This year’s “Magic of Christmas” by the Portland Symphony Orchestra and guest artists, at a well-decorated Merrill Auditorium, is a virtual reprise of the 2009 show, in a new more streamlined form.

Not that there’s anything wrong with that. Last year’s “Magic,” the first under music director Robert Moody, was one of the best on record. A shorter version puts less strain on young attention spans, and there are some arresting new developments, such as the opening tongue-in-cheek “Jingle Bells Forever,” which pits John Phillip Sousa, Handel and the seasonal gang against “Jingle Bells” in a clever and good-natured orchestral parody.

Tenor Joe Cassidy reappears in vocals and as the voice of Scrooge in “A Christmas Carol.” The condensation of the Dickens’ classic was even better than last year’s, more concise and understandable, and just as tear-jerking.

The ghostly puppets of Figures of Speech Theater, always show-stoppers, were augmented in this performance by the jovial Christmas celebrants, Mr. and Mrs. Fezziwig.

The Saco Bay Children’s Choir, under the direction of Camille Saucier, made a notable first appearance in “Somewhere in My Memory,” from “Home Alone” and a charmingly medieval-modern version of “This Little Babe” by Benjamin Britten. The harp accompaniment, by Jara Goodrich, captured the feeling of a 13th-century shepherd’s tambour.

Soprano Suzanne Nance was a welcome addition as soloist in “O Holy Night” and “Angels From the Realms of Glory,” with the Magic of Christmas Chorus. Nance has a distinctive, well-articulated voice, capable of hitting high notes without strain and powerful enough to stand out in descants above the orchestra and chorus. The Magic of Christmas dancers illustrated the songs as angels.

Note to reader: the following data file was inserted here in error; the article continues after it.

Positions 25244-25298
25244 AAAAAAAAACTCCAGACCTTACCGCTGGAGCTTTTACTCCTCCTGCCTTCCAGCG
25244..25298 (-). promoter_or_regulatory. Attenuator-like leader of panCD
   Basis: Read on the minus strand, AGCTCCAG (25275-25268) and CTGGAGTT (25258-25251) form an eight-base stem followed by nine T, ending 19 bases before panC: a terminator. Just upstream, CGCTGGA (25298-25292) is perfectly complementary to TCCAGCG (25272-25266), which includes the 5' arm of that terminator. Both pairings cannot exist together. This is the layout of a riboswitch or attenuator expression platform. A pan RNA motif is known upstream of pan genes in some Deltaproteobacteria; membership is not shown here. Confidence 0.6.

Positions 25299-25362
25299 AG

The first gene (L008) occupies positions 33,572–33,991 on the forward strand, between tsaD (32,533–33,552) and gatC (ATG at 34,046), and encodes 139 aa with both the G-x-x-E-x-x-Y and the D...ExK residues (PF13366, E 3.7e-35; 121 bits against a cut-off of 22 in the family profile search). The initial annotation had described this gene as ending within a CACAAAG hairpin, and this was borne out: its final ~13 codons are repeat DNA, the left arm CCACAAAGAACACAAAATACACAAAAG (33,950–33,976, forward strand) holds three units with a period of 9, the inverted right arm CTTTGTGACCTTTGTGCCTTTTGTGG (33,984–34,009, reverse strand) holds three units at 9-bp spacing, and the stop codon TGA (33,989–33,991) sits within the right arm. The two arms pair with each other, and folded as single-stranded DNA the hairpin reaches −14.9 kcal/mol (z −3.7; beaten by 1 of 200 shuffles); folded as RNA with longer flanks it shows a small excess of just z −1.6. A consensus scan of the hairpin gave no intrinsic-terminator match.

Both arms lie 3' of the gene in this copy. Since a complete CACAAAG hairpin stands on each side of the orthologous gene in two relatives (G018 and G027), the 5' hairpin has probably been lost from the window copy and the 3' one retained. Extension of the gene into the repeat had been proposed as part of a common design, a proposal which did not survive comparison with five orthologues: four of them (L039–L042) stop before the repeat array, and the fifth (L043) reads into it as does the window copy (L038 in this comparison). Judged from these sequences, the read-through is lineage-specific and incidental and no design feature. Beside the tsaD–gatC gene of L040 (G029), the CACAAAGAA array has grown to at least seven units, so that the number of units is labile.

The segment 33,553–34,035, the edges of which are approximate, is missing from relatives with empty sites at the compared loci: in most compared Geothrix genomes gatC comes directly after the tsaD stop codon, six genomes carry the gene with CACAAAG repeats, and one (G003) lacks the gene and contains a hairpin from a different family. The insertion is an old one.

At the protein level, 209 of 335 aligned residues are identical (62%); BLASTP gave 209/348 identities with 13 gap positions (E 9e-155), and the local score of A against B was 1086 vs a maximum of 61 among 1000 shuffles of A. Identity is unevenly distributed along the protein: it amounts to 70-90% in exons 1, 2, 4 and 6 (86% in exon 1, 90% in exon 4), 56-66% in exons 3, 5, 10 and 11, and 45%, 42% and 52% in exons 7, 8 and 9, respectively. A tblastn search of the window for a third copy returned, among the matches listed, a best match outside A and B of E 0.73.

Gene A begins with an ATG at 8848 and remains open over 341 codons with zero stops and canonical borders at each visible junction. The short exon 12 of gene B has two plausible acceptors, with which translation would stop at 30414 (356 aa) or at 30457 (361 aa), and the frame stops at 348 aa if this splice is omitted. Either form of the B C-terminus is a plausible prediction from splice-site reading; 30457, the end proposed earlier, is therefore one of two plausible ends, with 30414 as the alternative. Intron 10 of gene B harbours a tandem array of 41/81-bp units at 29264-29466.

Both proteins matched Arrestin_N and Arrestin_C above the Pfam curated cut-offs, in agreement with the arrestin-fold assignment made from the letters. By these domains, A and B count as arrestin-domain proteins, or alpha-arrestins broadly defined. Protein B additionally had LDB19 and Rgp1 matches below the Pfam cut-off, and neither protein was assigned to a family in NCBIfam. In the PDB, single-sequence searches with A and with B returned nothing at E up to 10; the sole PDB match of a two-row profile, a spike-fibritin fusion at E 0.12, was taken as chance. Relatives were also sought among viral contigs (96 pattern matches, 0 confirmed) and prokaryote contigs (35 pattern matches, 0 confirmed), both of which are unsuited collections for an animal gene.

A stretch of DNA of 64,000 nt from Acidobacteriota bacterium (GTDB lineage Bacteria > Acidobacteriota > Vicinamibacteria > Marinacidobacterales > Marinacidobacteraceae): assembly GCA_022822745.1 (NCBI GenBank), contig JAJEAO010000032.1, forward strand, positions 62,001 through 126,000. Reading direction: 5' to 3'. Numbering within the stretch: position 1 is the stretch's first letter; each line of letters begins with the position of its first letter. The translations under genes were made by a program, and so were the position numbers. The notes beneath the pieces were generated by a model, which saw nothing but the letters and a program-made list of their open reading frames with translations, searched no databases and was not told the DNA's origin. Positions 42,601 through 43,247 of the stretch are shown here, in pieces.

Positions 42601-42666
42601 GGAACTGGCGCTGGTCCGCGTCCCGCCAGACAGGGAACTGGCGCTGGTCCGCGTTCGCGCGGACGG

I have to confess that I have never heard all the verses of “Angels From the Realms of Glory” before.

Continuing last year’s topical spoof, “Nutcracker, The Oratorio,” Moody, with Nance and Cassidy, sang a patter song to the famous “March of the Toy Soldiers.” Nance was adept at singing syllables as rapid as Rossini’s Largo al Factotum, but sometimes it was hard to understand the jokes. Supertitles, anyone?

Cassidy appeared with a guitar and the accompaniment of principal flautist Lisa Hennessy in a fine version of John Denver’s “A Baby Just Like You.”

Following the traditional singalong, the dancers and chorus performed “Santa Claus Is Dancing to Town.” The popular chorus line of Santa’s was even better than in its debut last year.

During the finale of “Let There Be Peace on Earth,” an expressionist rendering of Santa and two of his reindeer was projected on the side of the proscenium. This was the most athletic and dynamic St. Nicholas and his sleigh ever seen. Is somebody thinking of a new line of action figures? Don’t miss it.

Christopher Hyde’s Classical Beat column appears in the Maine Sunday Telegram. He can be reached at:

[email protected]